Throughout his tenure at RIC, management major Joshua Laguerre excelled academically and helped transform student government into a more diverse and inclusive organization.
There’s been a big push for diversity and inclusion in businesses across the country, but management major Joshua Laguerre ’10 was pushing for it more than 10 years ago as a member of student government.
“I ran for student government because not many folks in student government looked like me,” Laguerre says.
Laguerre’s parents immigrated from Haiti in 1986. A year later, he was born. Education was a strong focus in their household. Laguerre ended up in the gifted program at Nathaniel Greene Middle School and later attended Classical High School, a public magnet school.
“My father set a strong example of leadership,” he says. “He’s a pastor. As a Black immigrant man in America, no matter what my father dealt with, he kept his head up and tried to be a good role model for his kids. He would take me with him to his meetings with other men, and I developed a comfort level in being with all kinds of people. It informed who I am today.”
In his sophomore year at RIC, while president of Harambee, a multicultural student organization, Laguerre and some friends decided to run for student government. “My goal, once elected, was to recruit students who could diversify student government,” he says.
After becoming a member of Parliament, Laguerre ran for president of student government and lost.
“Student government leaders are elected by members of Parliament,” Laguerre explains. “Though I didn’t win, I did make a name for myself by actively recruiting students with racial, gender and ability differences. I wanted students to know that if you look like me, or any other underrepresented group, you could join student government.”
Laguerre also sought to educate the student body about the role of student government. “I explained to them that their student activities fees were being managed by student government, who allocates funds to student organizations. By getting involved in student government, they could have a voice in the kind of college experience they wanted.”
In his fourth year, Laguerre was elected deputy speaker of student government. In his final year, he was elected president. On his ticket were Latino Travis Escobar ’13, African American Shawn Andrews ’10 and African American Christopher Volcy ’11, who were elected to offices alongside him. Over the course of that period, not only did diversity increase, so did transparency.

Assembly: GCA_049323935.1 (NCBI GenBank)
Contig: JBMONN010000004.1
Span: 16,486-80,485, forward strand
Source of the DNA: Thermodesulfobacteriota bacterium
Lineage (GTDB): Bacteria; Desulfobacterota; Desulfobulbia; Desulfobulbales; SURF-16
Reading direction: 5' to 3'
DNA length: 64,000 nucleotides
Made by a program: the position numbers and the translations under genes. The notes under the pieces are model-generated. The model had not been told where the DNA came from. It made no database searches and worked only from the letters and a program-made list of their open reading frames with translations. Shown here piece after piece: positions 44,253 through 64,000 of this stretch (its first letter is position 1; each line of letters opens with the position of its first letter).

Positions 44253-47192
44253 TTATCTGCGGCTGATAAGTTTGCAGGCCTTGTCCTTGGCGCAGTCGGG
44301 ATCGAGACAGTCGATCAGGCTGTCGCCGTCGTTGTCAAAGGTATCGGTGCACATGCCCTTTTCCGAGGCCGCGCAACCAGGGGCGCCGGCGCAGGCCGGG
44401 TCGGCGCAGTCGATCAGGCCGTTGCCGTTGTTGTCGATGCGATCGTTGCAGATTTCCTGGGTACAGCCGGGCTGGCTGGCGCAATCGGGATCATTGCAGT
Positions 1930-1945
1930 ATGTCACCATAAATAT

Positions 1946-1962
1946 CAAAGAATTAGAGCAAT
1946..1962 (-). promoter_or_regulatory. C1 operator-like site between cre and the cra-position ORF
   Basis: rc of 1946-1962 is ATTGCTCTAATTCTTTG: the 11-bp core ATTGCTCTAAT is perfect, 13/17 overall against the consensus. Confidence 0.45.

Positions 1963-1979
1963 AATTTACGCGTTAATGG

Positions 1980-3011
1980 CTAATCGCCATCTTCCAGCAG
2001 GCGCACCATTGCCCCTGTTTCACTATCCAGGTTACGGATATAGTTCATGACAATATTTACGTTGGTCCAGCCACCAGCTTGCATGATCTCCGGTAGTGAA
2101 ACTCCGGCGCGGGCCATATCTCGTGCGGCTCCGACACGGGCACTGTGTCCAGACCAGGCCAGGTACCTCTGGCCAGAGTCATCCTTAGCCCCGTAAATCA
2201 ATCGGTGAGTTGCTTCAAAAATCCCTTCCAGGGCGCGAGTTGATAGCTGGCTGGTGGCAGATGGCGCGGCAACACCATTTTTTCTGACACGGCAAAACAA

“To maintain transparency, we had an open-door policy,” he says. “Any student could knock on the door and engage with us. We weren’t some elite group in a closed room, doling out decisions. Ultimately, we got a lot of traffic because students knew they could talk to us about any issue.”
“There were also times when we had to make tough decisions and say no because a certain policy might not be in the best interest of the student body. Folks weren’t always happy with our decisions and it might end up in the Anchor newspaper, but the way it was portrayed by the Anchor might not be consistent with reality. Yet one of the things I really appreciated about my time in student government was the opportunity I had to own my own decisions and deal with the consequences of those decisions,” he says.
Throughout his tenure at RIC, Laguerre excelled academically. He was an honors student in the management degree program, exemplifying that it is as important to focus on academics as it is to be involved on campus. He was also mentored by Joe Costa, director emeritus of Student Support Services.
“Joe was heavily involved in my development,” Laguerre says. “I met with him consistently once a week. With his support, I engaged in activities like the Student Leadership Development Conference, where I saw thousands of students of color and attended different panels on leadership and other topics.”
“Living on campus, attending events and representing student government was pretty profound,” he says. “I will never forget it. For a time, we were in the power seat; we were getting things done; and we really owned the moment. I was lucky to have such an awesome ecosystem of folks who were all at RIC at the same time. My time at RIC truly informed who I am today. It was practice for the real world, and I made lifelong friends from that time.”
Laguerre graduated cum laude with a B.S. degree in management in 2010. He wrote his honors thesis on leadership development, which was presided over by Professor Emeritus Randy Desimone. For excellence in leadership, he was awarded the Rose Butler Browne Leadership Award.
Laguerre went on to earn a J.D. degree at the Washington and Lee University School of Law in 2014. Today he works for the Massachusetts Division of Banks in the consumer protection unit as a senior bank examiner. He conducts routine examinations of nearly 160 banks and credit unions that fall under the division’s jurisdiction, ensuring that they adhere to the law. Laguerre is also a member of the newly formed Black Alumni Network at RIC.